The question is to what extent the array may effectively be understod as a system of conceptual "monkey bars" which define and bound a particular evironment but preclude other dimensions from being explored or considered meaningful. These may be dimensions that are meaniungful in other languages or perhaps to the arts and notably to poetry (see Poetry-making and Policy-making: Arranging a Marriage between Beauty and the Beast. 1993)
In a series of articles, Magoroh Maruyama has studied patterns of cognition, perception, conceptualization, design, planning and decision processes (see (Mindscapes, social patterns and future development of scientific theory types, 1980). His central concern is the role of epistemological types, especially as they affect cross-disciplinary, cross-professional, cross-paradigm and cross-cultural communications. [summary]
Although he carefully emphasizes that there are many possible mindscapes or paradigms, Maruyama argues that "for practical purposes" it is useful to distinguish four main types. He stresses that these are not meant to be either mutually exclusive nor exhaustive and warns that any attempt at separating them into non-overlapping categories "is itself a victim of a paradigm which assumes that the universe consists of non- overlapping categories". Over the years he has continued to struggle with the same attributes, grouping them first into three types, extended to four, then to five and now seemingly stabilized at four again . The four types are:
The array above is a reflection of thinking in the light of Maruyama's H-mindscape.
Peronal implicatons: "seizing the day"
It is through the above array that the day is seized and the challenge of Carpe Diem is taken up. Not only is it a framework through which the world is observed and "read" (a grille de lecture) but it is effectively a conceptual (if not an existential) "exoskeleton" that empowers and enhances capacities to interact with "reality". As such it is a basic determinant of operacy as explored by Edward de Bono through two books: Six Thinking Hats (1987) and Six Action Shoes (1991). Operacy is the skill of action, of getting things done and making things happen -- which he equates with literacy and numeracy. They build on a well-publicized series of his earlier books dealing with creative approaches to problem-solving, notably in corporate policy-making environments. He argues that, to get a well-rounded view, a committee needs to look at issues wearing a succession of colour-coded hats (or shoes), corresponding to different styles of thought (or action).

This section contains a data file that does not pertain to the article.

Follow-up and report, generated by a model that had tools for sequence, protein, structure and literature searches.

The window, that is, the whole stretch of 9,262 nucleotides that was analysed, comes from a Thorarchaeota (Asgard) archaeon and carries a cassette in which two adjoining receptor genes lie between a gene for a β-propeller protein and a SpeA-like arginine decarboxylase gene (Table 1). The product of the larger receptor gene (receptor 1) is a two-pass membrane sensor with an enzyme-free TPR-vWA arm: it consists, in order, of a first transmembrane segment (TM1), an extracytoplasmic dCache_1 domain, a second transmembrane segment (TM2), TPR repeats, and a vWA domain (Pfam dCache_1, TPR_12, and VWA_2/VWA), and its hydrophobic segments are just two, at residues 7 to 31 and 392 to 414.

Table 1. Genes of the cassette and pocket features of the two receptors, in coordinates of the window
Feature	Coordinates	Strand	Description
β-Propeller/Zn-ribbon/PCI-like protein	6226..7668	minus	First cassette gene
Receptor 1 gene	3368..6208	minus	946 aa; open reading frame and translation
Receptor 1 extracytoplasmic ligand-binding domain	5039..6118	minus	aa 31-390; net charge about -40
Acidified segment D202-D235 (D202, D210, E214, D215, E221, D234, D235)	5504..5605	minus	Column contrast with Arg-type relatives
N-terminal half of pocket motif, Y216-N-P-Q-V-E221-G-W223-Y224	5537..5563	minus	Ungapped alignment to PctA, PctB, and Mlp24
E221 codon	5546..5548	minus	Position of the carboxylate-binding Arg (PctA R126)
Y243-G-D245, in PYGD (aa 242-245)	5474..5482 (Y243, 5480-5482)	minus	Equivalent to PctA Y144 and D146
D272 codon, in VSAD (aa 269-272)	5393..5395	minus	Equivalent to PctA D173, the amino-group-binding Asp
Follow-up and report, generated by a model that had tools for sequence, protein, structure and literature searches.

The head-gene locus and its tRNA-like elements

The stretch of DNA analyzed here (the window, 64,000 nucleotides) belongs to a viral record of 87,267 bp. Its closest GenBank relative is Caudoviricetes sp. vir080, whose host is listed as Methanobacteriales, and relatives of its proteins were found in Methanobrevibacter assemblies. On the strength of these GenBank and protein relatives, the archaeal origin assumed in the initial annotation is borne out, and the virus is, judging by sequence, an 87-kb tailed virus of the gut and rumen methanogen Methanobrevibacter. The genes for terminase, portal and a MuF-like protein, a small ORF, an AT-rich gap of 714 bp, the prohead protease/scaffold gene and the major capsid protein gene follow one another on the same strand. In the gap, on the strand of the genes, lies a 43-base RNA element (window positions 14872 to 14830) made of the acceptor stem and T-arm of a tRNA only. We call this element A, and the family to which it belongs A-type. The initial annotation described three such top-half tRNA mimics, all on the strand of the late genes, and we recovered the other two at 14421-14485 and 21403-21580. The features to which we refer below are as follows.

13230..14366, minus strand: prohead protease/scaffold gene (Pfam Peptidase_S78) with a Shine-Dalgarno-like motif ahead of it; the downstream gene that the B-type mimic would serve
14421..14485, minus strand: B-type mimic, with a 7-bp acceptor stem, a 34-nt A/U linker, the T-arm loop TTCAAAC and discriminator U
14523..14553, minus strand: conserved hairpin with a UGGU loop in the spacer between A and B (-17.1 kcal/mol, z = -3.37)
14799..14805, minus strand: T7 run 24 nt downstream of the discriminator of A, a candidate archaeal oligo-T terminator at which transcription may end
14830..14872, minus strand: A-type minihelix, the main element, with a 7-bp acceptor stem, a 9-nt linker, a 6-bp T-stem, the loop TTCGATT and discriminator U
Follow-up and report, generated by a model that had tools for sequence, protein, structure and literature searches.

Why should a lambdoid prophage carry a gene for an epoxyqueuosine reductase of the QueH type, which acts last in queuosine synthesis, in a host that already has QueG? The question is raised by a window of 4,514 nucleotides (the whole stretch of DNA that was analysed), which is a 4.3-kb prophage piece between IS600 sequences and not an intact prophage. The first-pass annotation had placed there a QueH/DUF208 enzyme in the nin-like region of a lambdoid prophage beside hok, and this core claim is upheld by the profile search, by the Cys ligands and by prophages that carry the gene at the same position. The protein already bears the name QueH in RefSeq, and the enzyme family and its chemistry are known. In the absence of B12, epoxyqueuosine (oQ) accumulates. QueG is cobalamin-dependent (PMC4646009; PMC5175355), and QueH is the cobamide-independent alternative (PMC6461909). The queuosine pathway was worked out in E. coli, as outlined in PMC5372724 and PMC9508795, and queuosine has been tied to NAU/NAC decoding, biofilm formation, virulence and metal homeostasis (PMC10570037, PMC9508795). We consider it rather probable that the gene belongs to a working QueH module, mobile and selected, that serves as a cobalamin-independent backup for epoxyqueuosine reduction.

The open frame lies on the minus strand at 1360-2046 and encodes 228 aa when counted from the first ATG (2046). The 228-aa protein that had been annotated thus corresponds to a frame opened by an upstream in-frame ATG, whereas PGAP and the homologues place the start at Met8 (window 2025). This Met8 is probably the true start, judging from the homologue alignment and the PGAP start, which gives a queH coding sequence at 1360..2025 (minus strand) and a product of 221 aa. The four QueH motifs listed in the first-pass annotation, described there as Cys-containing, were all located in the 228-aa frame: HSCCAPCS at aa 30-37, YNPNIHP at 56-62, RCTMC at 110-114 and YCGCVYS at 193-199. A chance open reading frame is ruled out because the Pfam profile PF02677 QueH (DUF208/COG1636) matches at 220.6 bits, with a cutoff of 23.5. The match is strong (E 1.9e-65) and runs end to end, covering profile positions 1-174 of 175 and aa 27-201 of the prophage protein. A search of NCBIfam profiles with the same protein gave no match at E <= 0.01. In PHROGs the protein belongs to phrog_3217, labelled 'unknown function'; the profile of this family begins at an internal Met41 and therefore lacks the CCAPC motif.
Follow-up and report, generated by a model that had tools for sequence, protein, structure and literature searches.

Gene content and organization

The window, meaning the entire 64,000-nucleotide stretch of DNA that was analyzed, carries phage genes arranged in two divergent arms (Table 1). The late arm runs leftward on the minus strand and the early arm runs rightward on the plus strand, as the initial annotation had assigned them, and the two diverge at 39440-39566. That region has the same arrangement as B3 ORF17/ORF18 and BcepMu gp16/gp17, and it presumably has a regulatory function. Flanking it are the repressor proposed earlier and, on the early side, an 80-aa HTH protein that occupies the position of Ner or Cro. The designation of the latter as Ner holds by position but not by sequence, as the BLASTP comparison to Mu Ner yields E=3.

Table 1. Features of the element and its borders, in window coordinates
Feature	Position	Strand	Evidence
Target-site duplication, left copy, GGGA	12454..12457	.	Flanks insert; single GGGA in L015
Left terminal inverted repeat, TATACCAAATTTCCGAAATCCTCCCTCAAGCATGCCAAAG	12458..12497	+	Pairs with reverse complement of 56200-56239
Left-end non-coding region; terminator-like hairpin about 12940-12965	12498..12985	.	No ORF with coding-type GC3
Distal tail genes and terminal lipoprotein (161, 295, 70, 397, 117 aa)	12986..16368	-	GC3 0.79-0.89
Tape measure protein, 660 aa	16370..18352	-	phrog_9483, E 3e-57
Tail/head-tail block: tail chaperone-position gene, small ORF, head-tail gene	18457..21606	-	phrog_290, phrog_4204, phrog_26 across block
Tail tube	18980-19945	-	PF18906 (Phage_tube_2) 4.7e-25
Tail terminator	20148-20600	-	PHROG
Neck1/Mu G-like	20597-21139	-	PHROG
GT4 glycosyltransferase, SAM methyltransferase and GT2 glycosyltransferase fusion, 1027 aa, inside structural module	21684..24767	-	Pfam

This enhanced ability to navigate reality might be usefully discussed as a conceptual analogue to proprioception, itself currently of great interest in the physical fitness industry:
Proprioception may be understood as an automatic sensitivity mechanism in the body that sends messages through the central nervous system. Unconscious initially, human beings can "train" for proprioception in the quest for efficient everyday movements. Through conscious appreciation and cognitive processing of the body's position in space, the central nervous system and sensory receptors can be conditioned to be more responsive to length and tension in the muscles and tendons. [more]
The array may then be understood as a system of operations and operators for defining, processing and consuming reality -- and for farming, mining and exploiting it. As such it can be "played". like an organ or any other complex musical instrument. This is the skill deployed by experienced negotiators. Some of the implications of this have been explored in an earlier paper (Navigating Alternative Conceptual Realities: clues to the dynamics of enacting new paradigms through movement, 2002)
For Arnold Keyserling (1999): "Wisdom is the ability to live in a chaotic world. It requires the "knowledge behind the knowledge," which means an understanding of the hardware of the mind, its structure, as opposed to the software - the particular languages, sciences, and religions which the mind creates." [more] The process might be described in terms of "grokking" (see Authentic Grokking: Emergence of Homo conjugens, 2003) involving the enactivism explored by Francisco Varela and others (1991, 1987)
In practice the above array can be seen at work in relation to any theme by which the international community is "seized". Whether it be water, women, rust, or refugees, the array operators gets applied: protest, propositons, consumption, etc. The pattern of their application constitutes a system with whose component operations different groups may be associated.
Henry Bougoin. L'Afrique Malade du Management. Editions Jean Picollec, 1984 (Collection Perspective 2000)
Andreas Fuglesang. About Understanding: ideas and observations on cross-cultural communication. The Dag Hammarskjold Foundation, 1982.
Erich Jantsch. The Self-Organizing Universe: scientific and human implications of the emerging paradigm of evolution. Pergamon, 1980.
Arnold Keyserling. Wisdom and the Wheel. 1999 [text]
Magoroh Maruyama. Mindscapes, social patterns and future development of scientific theory types. Cybernetica, 1980, 23, 1, pp. 5-25 [summary]
Rene Thom. Structural Stability and Morphogenesis; an outline of a general theory of models. Benjamin, 1975
Francisco Varela, Evan Thompson and Eleanor Roach. The Embodied Mind: cognitive science and human expression. MIT Press, 1991
Francisco Varela. Laying down a path in walking. In: W. Thompson (Ed.), Gaia: A way of knowing. (pp. 48-64). Lindisfarne Press, 1987
Arthur M. Young. Geometry of Meaning. 1978 [extract]